At this year’s Venice Biennale, Azerbaijan is offering one of the most intriguing pavilions.
Located in the Palazzo Benzon on the Grand Canal it was once home to Contessa Marina Querini Benzon whose famous salon feted Lord Byron and Ugo Foscolo.
Aidan Salakhova ‘The Book’. 2011. Marble. 70cm x 40cm x 90cm. Courtesy of XL Gallery, Moscow.
It’s a fitting location because the presentation of works by six artists spanning some four decades of Azerbaijani art may have had a curatorial approach grounded in relational aesthetics, but as is pretty clear to anyone approaching many of the works, it might also be accurate to say that they strongly resonate relational poetics.
Curated by the Pavilion’s comissar Cinghiz Farzaliev in collaboration with Beral Madra of the BM Contemporary Art Center, Istanbul and co-commissioner Vittorio Urbani of Nuova Icona, Venice, this is a rather different approach to the monographic or celebrity artist-driven affairs that often dominate the choices for Venice. Here the approach is one that has focused on selecting artists of different generations whose work, shown together, create a narrative and a context for the massive changes that have occurred in the country since the fragmentation of the Soviet Union.
Azerbaijan, the world’s earliest and largest Muslim secular democracy occupies a strategically and economically important position in the Caucuses. Its position in the modern era mirrored that of its ancient and feudal past where it controlled key land trade routes between east and west. As such, it has remained a rather exotic place for westerners traveling overland between east and west whilst, for much of the twentieth century, it occupied a rather ironic position of being both rich in resources eagerly welcomed back at Soviet Bloc HQ, yet remaining rather isolated and remote from the hubbub of international pop culture.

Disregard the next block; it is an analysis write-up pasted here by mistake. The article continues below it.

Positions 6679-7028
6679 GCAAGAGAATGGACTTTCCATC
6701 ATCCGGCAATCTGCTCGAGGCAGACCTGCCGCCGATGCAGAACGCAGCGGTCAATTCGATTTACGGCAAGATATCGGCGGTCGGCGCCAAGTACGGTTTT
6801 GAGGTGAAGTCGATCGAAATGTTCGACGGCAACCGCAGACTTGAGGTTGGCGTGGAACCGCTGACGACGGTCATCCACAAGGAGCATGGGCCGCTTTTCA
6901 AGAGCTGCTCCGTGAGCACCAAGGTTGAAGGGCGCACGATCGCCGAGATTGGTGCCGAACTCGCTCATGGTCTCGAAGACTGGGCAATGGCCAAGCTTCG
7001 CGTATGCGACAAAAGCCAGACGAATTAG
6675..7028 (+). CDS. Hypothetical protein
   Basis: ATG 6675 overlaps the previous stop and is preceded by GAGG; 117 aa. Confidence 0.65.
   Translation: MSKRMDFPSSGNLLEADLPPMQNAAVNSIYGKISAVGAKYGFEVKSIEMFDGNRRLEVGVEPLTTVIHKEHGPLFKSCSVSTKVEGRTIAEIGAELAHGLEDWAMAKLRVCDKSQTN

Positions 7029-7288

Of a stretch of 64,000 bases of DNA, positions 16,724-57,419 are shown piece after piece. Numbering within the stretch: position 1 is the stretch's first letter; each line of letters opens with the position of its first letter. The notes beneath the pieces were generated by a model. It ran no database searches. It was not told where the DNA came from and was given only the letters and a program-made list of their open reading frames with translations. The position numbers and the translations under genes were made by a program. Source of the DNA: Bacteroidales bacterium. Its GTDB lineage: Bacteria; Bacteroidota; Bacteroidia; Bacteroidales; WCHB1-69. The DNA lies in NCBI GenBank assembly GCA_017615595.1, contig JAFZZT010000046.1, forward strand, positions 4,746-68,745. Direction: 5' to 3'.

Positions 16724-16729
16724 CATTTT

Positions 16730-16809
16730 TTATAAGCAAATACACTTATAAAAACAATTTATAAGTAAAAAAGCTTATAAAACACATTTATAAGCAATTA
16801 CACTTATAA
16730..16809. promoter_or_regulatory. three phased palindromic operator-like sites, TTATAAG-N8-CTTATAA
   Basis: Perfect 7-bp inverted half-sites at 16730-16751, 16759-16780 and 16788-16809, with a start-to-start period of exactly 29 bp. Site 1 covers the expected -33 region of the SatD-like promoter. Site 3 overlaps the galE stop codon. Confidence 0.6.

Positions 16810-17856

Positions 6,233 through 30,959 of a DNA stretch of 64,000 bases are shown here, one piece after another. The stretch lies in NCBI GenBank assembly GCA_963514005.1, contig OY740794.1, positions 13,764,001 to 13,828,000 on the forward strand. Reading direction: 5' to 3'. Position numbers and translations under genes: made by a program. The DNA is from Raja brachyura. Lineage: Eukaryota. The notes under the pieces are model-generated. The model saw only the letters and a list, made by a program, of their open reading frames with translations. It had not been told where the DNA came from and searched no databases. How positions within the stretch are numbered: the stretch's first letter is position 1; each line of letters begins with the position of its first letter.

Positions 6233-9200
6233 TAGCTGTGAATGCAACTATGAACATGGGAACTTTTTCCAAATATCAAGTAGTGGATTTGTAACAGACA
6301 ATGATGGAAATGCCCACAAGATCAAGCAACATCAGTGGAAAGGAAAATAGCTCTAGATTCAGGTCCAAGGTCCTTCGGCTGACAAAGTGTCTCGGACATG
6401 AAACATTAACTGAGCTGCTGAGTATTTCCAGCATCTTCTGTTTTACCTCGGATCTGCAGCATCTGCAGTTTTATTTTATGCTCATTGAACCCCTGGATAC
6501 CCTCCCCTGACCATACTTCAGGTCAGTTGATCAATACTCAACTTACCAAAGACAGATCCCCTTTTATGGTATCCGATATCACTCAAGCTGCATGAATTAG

One of the key stands that snakes through the presentation is the way in which all the artists are strongly influenced by the modernist ideology of the Soviet era, particularly in relation to the current developments of Azerbaijan into an affluent consumer society. Yet, despite their direct engagement with this modernist visual vernacular what is perhaps most striking about much of the work is its lyrical and poetic nature. It is not, perhaps, hyperbole to say that a number of the artists, by directly confronting the modernist vernacular of the Soviet era end up reinforcing the underlying poetic nature of the regional sensibility.
In the case of the New York-based artist Aga Ousseinov, for example, works in diverse media often have a melancholic gentle humour about their strange and refined visions of science and adventure. Scuba divers, fantastic machines straight out of Jules Verne and a general pre-Steam Punk air add up to a vision of science and endeavour – those things that characterized the ideology of Soviet progress- that seems to be most definitely located in the past. These are works that engage with a certain ambivalent nostalgia for a Utopian past that, even if it could have been, feels like it was never truly a reality except in the best of human intentions.
By contrast Aidan Salakhova – an artist of a similar generation to Ousseinov- presents works that are seductive in the their sumptuous materials and have an almost Pop Art slickness in the realisation of largely representational imagery. Salakhova, whose work in more commonly associated with addressing gender identity and, more specifically, women in Muslim cultures, might not seem like an obvious choice in this context. Yet, examined more closely, the forms of her marble sculptures have a connection with the tradition of Soviet era monumemtalism as much as they do with her content that, once again draws on the female experience of Islamic culture.
Ultimately, the connections made between the works of artists in a diversity of media that initially prompt a socio-economic consideration repeatedly return to their gestural poetics.
The Pavilion of Azerbaijan at the 54th International Art Exhibition la Biennale di Venezia, showing works by Mikayil Abdurahmanov, Zeigam Azizov, Khanlar Gasimov, Aga Ousseinov, Altai Sadikhzade and Aidan Salakhova, continues until September 2011.